Veena Sud was a writer and executive producer on the successful TV series Cold Case. Her new show The Killing is based on the hugely popular Danish television series Forbrydelsen. It tells the story of the murder of a teenage girl, Rosie Larsen, and the subsequent police investigation, following three distinct stories, the detectives assigned to the case and their suspects, the victim’s grieving family and the local politicians connected to the case.
I spoke with Veena Sud at the TV press day for the series.
Does this case get solved by the end of the season?
This season is 13 episodes. And every episode is one day in the life of this investigation, and the life of this family, and the life of this political campaign. At this point we’re going to organically follow the story, and whether or not it gets solved at the end of the season is a mystery.
Some shows, particularly with Scandinavian roots like Wallander, have that feeling of being always gray, always dark. You moved this to Seattle; it looks like you were able to get that same feeling.
We shot in Vancouver posing for Seattle. And Vancouver and Seattle are very much like Copenhagen: Close to the top of the world, incredibly beautiful, dark, brooding skies. And it was the perfect match for the tone of the show and for capturing the essence of the story we’re telling.
Is there a difference between a Scandinavian sensibility and an American sensibility in terms of storytelling? Were there any cultural things you had to adapt to make it more palatable for Americans?
I don’t know if it was a cultural difference, but as far as the storytelling challenge and adapting it to the American screen was we live in a society that is incredibly violent, and much more violent than Denmark. Amber Alerts are the norm on the highway, and a missing teenager in a major American city never makes news.
So our biggest challenge was to make us as Americans care about this young girl over a very long course of time.
Is the Danish series still ongoing?
I believe it’s still ongoing.
So the crime hasn’t been solved yet in the Danish series either?
In the Danish series they solve their crime and they’ve moved on to another crime.
Then will you be departing radically from that series in terms of who the killer actually is since I guess people could watch that series and figure it out?
We are using the Danish series as a blueprint, but we are diverging and creating our own world, our world of suspects and, potentially, ultimately who killed Rosie Larsen.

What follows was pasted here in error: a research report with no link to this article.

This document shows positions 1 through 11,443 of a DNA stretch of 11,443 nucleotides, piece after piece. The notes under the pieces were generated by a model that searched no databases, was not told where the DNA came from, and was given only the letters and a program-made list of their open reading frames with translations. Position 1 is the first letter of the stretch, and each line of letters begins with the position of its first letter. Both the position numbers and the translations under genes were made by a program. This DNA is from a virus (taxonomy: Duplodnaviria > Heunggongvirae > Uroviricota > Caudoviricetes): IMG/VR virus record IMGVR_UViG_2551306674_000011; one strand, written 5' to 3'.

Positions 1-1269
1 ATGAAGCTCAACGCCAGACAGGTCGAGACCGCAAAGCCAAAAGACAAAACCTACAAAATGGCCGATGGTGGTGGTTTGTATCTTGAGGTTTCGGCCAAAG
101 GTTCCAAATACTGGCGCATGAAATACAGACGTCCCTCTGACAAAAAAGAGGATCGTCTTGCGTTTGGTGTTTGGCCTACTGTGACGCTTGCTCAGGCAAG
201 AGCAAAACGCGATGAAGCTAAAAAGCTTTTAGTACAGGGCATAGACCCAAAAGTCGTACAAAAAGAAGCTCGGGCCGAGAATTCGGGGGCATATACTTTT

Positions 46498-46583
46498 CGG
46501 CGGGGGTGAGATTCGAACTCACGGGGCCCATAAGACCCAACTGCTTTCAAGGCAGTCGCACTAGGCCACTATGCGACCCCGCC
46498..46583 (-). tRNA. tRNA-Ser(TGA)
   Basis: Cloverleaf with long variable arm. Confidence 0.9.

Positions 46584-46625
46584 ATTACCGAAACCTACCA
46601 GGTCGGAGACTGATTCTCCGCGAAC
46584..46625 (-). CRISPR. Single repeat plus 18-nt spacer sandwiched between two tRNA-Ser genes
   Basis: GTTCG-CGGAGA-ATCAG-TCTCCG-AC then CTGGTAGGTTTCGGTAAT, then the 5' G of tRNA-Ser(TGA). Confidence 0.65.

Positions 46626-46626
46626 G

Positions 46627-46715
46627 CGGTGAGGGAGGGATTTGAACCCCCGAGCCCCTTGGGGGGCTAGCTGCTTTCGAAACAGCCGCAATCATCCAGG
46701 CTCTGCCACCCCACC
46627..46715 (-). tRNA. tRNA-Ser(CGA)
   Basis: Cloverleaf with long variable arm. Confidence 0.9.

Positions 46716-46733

What are the differences in the characters from the Danish version?
The Danish version has the same worlds. We have taken the worlds and adapted them to America. So in the Danish version there is a political race, there is the story of the female homicide detective and her partner, and the suspects in that world, and the family of the victim. We have taken that paradigm and adapted it to this story.
The differences were we have to be very specific about American politics. So it’s a mayoral race. Their female homicide detective was a very interesting, compelling, strong character. And I love the qualities of the Danish version. And we have been so blessed with Mireille Enos who has come in with all her own strengths and qualities, and really created a deeper back story for Sarah Linden.
The series is about the killing of a minor. Some scenes are very graphic, how do you walk the line between scaring people and respecting human life?
As someone who has worked on and written for cop dramas for a while now, the most important thing in the show was to not pornographize murder, and to see the real cost and the real toll when a child is lost. What you saw on the clip was incredible graphic, and incredibly heartbreaking.
We’re not spending time looking at a dead child’s body and just analyzing that; we’re spending time with all the people who have lost her, and the impact of this loss on her mother, on her siblings, on her father.
What’s it like to identify your daughter at the morgue, what’s it like to make breakfast for her younger brothers the next morning, what do you tell them? And when I was doing research for the pilot I spent a lot of time with parents who had lost their children, expressly for the purpose of telling this story in a way it was authentic and respectful, in a way that I think a lot of television isn’t about murder victims.
Can you talk about casting Mireille Enos?
It was so magical. It was understandably the toughest role to cast on this show. And we went through a very thorough and long process.
There was this one moment in the audition where Mireille was reading the lines, and she was Sarah Linden. I saw her in that field with that dark, brooding sky, and I knew it was her.
There can be grumblings about serialized shows, writers not giving a credible answer, and an answer at all by the end of a certain season. You’ve already said you don’t know if this will be solved by the end of the first season, is that a way of engaging the audience?
For me it’s about telling a story in a way that’s really compelling, and that we are able to go really deeply into the world of the suspects and the victim’s family, and the larger world of what is going on politically in the city of Seattle.
So there is no kind of conscious device about the first season, second season, it’s just telling the story day by day in a way that when the story ends, it ends.